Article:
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SEO for Inventory and Seasonal Changes

 In SEO, SEO Strategy

EcommerceEcommerce sites tend to have a fair amount of volatility in their inventory. Items are added, items removed. Items go out of stock temporarily and items are discontinued. How do you maintain the SEO value for items that come and go like that? For that matter, how do you ever develop SEO value for them?

Why is Stock Volatility a Problem for SEO?

In theory at least, URLs should never go away. If you have successfully created a site with compelling content, you want — and expect — users to bookmark it, share it, tweet it, and link to it. Why in the world would you then want to remove it? You just don’t know where your links may be living and thriving quietly in the dark, until someone clicks one. And when they arrive at your (hopefully, beautifully crafted) 404 page, they are likely to lose some confidence.

If you have many 404 incidents, and therefore a high bounce rate, this too will negatively impact your trustworthiness, create a bad user experience, and lower the likelihood of your site ranking high for a related search. Google wants its search results to promise a good experience overall.

And most obviously, if a page is removed after a short lifespan, it can’t possible develop any real SEO value. It won’t accrue links, and it may not remain in Google’s index.

How to Handle Out-of-Stock Items in an Ecommerce Site

When a product is removed from inventory, you have a few options.

1) Keep the page live. Remove the “Buy Now” or “Add-to-Cart” button. If the item is temporarily unavailable, make that clear and offer a signup to be notified when it is available again.

How to Handle Out-of-Stock Items

2) If the item is permanently discontinued, you can remove it from the main navigation but leave it live, and on that page, offer recommendations for similar or replacement items.

3) Or you can permanently redirect it (with a 301 redirect) to a specific replacement item.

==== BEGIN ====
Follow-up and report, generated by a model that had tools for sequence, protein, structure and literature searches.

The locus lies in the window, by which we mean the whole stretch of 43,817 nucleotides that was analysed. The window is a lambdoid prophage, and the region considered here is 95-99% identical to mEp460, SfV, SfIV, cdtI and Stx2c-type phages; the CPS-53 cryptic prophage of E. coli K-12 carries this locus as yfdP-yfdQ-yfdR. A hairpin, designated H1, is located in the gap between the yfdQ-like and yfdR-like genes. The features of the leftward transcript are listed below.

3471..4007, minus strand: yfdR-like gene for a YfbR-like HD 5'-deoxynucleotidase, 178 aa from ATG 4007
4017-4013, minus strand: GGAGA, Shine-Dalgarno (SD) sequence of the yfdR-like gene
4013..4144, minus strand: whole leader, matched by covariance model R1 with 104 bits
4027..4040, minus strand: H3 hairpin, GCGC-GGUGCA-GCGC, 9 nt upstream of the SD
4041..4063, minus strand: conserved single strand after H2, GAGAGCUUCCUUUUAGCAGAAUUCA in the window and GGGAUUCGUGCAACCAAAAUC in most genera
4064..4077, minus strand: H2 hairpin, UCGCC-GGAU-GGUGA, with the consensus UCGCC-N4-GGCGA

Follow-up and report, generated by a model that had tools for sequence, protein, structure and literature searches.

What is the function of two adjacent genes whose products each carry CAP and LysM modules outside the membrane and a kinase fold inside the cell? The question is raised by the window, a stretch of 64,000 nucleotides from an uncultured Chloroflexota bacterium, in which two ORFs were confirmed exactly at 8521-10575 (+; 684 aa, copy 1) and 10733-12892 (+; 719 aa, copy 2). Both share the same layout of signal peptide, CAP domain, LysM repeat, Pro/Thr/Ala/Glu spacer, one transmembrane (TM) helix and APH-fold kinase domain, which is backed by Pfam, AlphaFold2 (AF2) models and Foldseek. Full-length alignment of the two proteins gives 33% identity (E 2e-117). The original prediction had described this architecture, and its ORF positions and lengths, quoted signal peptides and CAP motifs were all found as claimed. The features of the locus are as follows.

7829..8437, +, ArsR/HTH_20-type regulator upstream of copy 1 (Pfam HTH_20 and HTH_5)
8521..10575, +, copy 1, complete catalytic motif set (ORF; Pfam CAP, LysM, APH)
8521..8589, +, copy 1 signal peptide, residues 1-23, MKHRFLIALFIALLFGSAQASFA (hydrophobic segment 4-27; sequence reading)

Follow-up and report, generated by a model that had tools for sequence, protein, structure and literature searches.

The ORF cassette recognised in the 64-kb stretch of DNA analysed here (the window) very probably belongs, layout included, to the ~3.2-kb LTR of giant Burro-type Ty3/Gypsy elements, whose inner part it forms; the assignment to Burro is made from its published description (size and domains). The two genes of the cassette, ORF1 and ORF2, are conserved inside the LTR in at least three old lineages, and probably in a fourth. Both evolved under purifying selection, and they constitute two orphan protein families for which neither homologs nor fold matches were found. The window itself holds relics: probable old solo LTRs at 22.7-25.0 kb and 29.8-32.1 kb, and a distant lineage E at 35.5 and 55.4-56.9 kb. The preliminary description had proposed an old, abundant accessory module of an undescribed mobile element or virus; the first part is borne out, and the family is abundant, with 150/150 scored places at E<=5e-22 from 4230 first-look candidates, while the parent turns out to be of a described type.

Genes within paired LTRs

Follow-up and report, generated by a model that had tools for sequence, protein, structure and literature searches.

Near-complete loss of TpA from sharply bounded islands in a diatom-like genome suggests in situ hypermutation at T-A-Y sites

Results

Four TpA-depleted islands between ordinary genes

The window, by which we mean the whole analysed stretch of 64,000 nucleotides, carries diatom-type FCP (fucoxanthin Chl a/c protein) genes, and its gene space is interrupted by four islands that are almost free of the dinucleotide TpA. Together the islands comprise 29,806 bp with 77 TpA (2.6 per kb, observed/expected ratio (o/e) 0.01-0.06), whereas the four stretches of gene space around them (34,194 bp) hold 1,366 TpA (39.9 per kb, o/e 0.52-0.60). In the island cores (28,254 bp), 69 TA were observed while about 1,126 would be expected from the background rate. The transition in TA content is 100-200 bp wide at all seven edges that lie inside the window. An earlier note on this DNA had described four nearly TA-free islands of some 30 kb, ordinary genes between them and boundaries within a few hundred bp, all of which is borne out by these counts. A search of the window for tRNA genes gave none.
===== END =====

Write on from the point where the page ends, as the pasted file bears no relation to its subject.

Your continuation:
4) In the worst case, you may redirect it to the category page, though this could lead to confusion if there is no explanation as to why the user is landing there instead.

How to Handle Seasonality in Ecommerce

Sometimes, especially in fashion-related industries, items will disappear when the season ends, and be replaced with new items for the new season. These old items may come back later, in some generic form — like “Snow Boots” for example, or “Snow Blowers.” In the fashion apparel industry, they may simply never be seen again. In the gifting world, items appear in advance of a holiday or calendar event, and are then removed again as the calendar moves on. Think Valentine’s Day, Halloween costumes, Christmas, and Thanksgivukkah (which won’t be back for 70,000 years or so).

This is another kind of volatility that challenges your SEO efforts and makes it harder to build lasting value for those URLs.

In a case like this, there are a few important strategies to consider.

1) Keep your URLs generic and not date-specific. For example, use “valentines-day” but not “valentines-day-2014 “in the URL!

2) When the holiday is past, move the page out of the primary navigation but leave a link to it somewhere, so it can still be crawled, maybe from a “past collections” page. Once again, remove the “Buy Now” buttons, and offer a way to be notified of next year’s advance sales. When the next season approaches, begin blogging and linking to this section again, as you refresh its content and inventory. This Todd Snyder site uses generic URLs and navigation labels for all its main sections, and assigns a permanent URL to its collections gallery each year, and keeps them.

Todd Snyder Website

For Long-Lasting SEO – Don’t Rank and Yank

Think permanence and usability for maximum SEO impact. Provide the best user experience you can. Don’t play hide-and-seek with your products nor your URLs. Don’t invest SEO effort to rank, just to yank the content again later. Determine how best to leverage the content permanently, once you’ve created it and you’ll see your pages grow in value, despite the change of seasons.

Let us know how you manage seasonality and stock volatility and what has worked for you. And as always, give us a shout if we can help.

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